My favourite drink is Chai, but I have not seen it much outside Australia…


    • Dilshan Jayasinha December 9, 2015 at 20:00 #

      Hi Steve, great to hear that I’m being referenced over there in your school. I’m sure your teacher has been in contact with me, it’s just that I have 4 Tribesters with the name “Haris”, so I don’t know which one he is.

      So how come you’re learning Sinhala in school?

  27. EVA December 8, 2015 at 11:01 #



    • Dilshan Jayasinha December 9, 2015 at 20:01 #

      Yeah! Ginger tea. I had one just an hour ago, made by my better half.

  28. Poosparajah December 9, 2015 at 08:51 #

    Dear Sir,
    I greatly enjoy your LBSS tutorials. Bohoma isthuthi. Magay Sinhala podak samahara tamai.
    Karunakerala Bonus ekak mata arinava. :-)

    • Dilshan Jayasinha December 9, 2015 at 20:03 #

      Hi, glad to hear that you enjoy the tutorials. Great effort but I don’t think ‘samahara’ is the right word there, I can’t figure out what you were wanting to say. In the second sentence instead of ‘arinava’ “sending”, you should say ‘évanna’ (“send” as a polite command). Sending it to you now.

  29. Jayamathan December 9, 2015 at 11:32 #

    Thank you Dilshan. Bohoma isthoothi

  30. Shabilah December 10, 2015 at 08:20 #

    Awesome work!! Needed tis like for a loooooooooooong time. Thanks!!

  31. Debbie December 13, 2015 at 15:21 #

    Thank you for another great lesson! My favourite drink is a cold, fresh Sri Lankan thambilli with the insides scooped out and added to the glass for texture and decoration… there are no coconuts in the world quite like Sri Lanka’s.

    • Dilshan Jayasinha December 17, 2015 at 07:18 #

      Agreed, they’re delicious. I’ve found a place in Mumbai that makes what they call a “Coconut Punch” where the scooped insides of the tender coconut juice is thrown into a blender with the juice. Very tasty!

  32. Avaneesh December 16, 2015 at 05:09 #

    Thanks! I would love a summary, Dilshan.
    Quick question:
    Is there a “pure” (non loan-word) sinhala version of vathura?

    My favourite drinks are chilled water, iced tea, and ginger tea!

    • Dilshan Jayasinha December 17, 2015 at 06:54 #

      Yes, the words is ‘ja∙lȧ∙yȧ’ but you’ll probably never hear it in day-to-day spoken Sinhala. Stick to vathurȧ

  33. Bill Gibbons December 19, 2015 at 19:18 #

    A writer friend of mine in Michigan (US state) is an aficionado of single malts and concurs with your taste for Glenmorangie, although he prefers the peatier, smokier Islay examples. He’s been to the Glenmorangie distillery and even described their aging casks. Not a fan of scotches in general, I prefer bourbon, sour mash (Jack Daniels) or sake (酒), but I’m thinking about trying a higher-shelf scotch. (As a 69-year-old father of a 4-year-old daughter, I need a stiff drink every now and then.)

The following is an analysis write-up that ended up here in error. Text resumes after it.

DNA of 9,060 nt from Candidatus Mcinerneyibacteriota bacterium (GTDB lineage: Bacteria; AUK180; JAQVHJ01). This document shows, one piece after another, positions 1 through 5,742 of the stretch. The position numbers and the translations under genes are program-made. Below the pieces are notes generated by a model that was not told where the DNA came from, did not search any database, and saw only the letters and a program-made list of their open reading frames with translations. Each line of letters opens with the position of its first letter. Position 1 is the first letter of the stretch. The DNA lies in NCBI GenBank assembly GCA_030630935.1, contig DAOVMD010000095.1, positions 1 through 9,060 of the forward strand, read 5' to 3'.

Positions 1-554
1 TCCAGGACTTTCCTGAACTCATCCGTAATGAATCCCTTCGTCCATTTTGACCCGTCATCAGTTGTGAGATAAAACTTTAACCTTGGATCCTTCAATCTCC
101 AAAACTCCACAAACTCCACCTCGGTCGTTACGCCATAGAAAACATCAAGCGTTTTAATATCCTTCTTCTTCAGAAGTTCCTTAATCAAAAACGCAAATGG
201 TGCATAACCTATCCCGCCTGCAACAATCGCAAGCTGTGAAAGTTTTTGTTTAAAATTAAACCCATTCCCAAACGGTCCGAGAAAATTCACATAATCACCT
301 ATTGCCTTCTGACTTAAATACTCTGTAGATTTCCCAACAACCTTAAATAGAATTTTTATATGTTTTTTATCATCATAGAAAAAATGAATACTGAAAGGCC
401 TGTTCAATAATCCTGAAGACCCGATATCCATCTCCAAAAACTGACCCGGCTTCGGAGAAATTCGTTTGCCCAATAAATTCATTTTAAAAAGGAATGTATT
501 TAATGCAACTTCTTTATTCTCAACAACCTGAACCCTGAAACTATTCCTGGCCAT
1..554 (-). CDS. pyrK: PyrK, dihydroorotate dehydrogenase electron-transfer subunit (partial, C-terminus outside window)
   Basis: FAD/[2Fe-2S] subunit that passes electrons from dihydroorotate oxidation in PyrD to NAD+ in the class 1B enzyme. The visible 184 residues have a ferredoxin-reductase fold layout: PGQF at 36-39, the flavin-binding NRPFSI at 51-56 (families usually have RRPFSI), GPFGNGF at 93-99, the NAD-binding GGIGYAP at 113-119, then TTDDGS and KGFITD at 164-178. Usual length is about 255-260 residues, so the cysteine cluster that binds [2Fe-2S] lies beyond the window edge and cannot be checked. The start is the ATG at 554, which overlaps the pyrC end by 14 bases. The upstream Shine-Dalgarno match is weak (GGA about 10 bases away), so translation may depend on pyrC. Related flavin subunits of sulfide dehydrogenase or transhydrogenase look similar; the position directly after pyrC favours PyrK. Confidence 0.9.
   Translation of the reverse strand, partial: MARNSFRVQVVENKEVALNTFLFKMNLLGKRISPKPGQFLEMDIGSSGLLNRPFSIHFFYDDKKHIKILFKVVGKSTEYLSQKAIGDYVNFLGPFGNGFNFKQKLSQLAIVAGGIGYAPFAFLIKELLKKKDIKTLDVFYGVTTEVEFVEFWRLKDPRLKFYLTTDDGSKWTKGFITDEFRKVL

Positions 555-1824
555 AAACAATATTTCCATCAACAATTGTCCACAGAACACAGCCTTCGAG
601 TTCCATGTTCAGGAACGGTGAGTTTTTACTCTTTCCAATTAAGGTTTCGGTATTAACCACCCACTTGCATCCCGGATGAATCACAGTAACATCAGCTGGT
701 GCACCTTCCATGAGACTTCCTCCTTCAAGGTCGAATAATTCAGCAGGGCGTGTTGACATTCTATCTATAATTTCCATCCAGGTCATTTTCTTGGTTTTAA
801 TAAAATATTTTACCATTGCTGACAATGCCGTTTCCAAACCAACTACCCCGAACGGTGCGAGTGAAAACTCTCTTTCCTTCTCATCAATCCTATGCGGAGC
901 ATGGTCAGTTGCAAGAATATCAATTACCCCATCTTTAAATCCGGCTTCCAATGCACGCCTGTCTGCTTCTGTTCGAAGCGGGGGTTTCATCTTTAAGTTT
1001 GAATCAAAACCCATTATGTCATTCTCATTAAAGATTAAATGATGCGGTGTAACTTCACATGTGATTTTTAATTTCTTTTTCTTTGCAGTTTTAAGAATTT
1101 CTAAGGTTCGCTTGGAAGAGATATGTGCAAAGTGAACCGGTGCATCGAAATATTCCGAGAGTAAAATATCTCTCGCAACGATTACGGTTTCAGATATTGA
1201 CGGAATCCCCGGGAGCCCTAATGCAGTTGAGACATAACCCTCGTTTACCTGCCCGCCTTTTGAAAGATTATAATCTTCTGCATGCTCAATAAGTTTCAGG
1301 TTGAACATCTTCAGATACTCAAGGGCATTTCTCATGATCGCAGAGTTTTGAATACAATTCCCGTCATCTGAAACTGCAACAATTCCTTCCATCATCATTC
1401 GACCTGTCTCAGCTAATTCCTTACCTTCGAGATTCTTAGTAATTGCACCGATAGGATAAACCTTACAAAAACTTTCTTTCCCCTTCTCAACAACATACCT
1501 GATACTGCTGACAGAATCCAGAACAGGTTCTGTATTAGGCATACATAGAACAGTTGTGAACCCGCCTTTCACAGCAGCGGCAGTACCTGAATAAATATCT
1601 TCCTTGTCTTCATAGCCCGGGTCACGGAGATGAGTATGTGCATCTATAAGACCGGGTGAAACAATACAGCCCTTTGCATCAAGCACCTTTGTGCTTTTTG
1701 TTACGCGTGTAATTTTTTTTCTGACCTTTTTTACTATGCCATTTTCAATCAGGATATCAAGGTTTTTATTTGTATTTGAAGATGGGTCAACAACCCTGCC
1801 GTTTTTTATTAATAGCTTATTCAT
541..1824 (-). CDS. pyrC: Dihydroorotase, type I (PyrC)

On a Sinhala-related note, admittedly I haven’t done an exhaustive search on your site, but do you offer lessons on a CD? Plugged into a player in the Jeep, it would keep the language forefront in me feeble mind while dodging less-than-attentive drivers and maybe even prevent me from cussing as much.

    Thanks and the best to you and to Mrs. Smart.

    • Dilshan Jayasinha December 21, 2015 at 07:30 #

      Hi Bill, your friend has exquisite taste… Your comment just gave me a new item to add my brother’s and my common bucket list: to visit the Glenmorangie distillery. Must bring it up with him when I see him at home for the holidays.

      I don’t have anything on CD. A little too lazy and not enough smart to want to deal with tangible goods right now. Instead, I do have some some premium products with downloadable mp3 that can be :

      Speak again soon. Take it easy while driving your jeep, you hear? :)

  34. Max Gomez April 10, 2017 at 15:03 #

    Dilshan, thanks for the words & phrases.

    you may not believe this, my favourite drink is coffee and ginger/lemon tea.



  35. Dhwani Rajvaidya October 16, 2018 at 14:37 #

    Productive one !!!

  36. Kim (sudhu baba) December 6, 2018 at 03:58 #

    Hellooo Dilshan :) I would be so happy to tell you my favorite drinks, but since that’s what we’re talking about, it would be great to know how to say “favorite.” Is it somewhere in the post and I missed it? I also checked through the phrasebook among foods, drinks, adjectives … Without “favorite,” I can only say “Mage beema,” and while I’d be happy to have *all* the seethela kiri kopi, my bada would probably pop. :D ~ k

  37. Erica January 5, 2019 at 21:20 #

    My favourite drink is red wine, but will happily drink arrack, vodka, gin, rum or brandy. How do you say ‘red wine’ in Sinhala (I’m sure you’ve done this in another lesson but I can’t remember 😔)? Also, I like my food spicy and would love a way to tell the waiters to ignore any preconceived ideas about what English people can / do eat and just whack in as many chilies as they would for a chilli-loving Sri Lankan! So, how can I say ‘I like my devilled seafood extra spicy please’?

    Bohema isthoothi,

  38. Indrani Perera January 31, 2021 at 04:15 #

    Suddenly I could do with a drink. And if I was in Sri Lanka at my auntie’s I could even ask for one. Thanks for this awesome lesson. And I’d love the Pdf too pretty please.

  39. Linda S Hodges May 23, 2021 at 12:17 #

    My favourite drink is thambili. I also suffer doing without some things so I can still buy the expensive “bad” red wine in Sri Lanka.

    • Dilshan Jayasinha May 30, 2021 at 10:38 #

      Ugh, tell me about it. I had the fortune of living in Europe and drinking excellent yet affordable wine. And it’s almost how much an sub-standard wine sells for in SL. Anyone reading this, new business opportunity for you. Run with it and message Linda and me when it’s done :)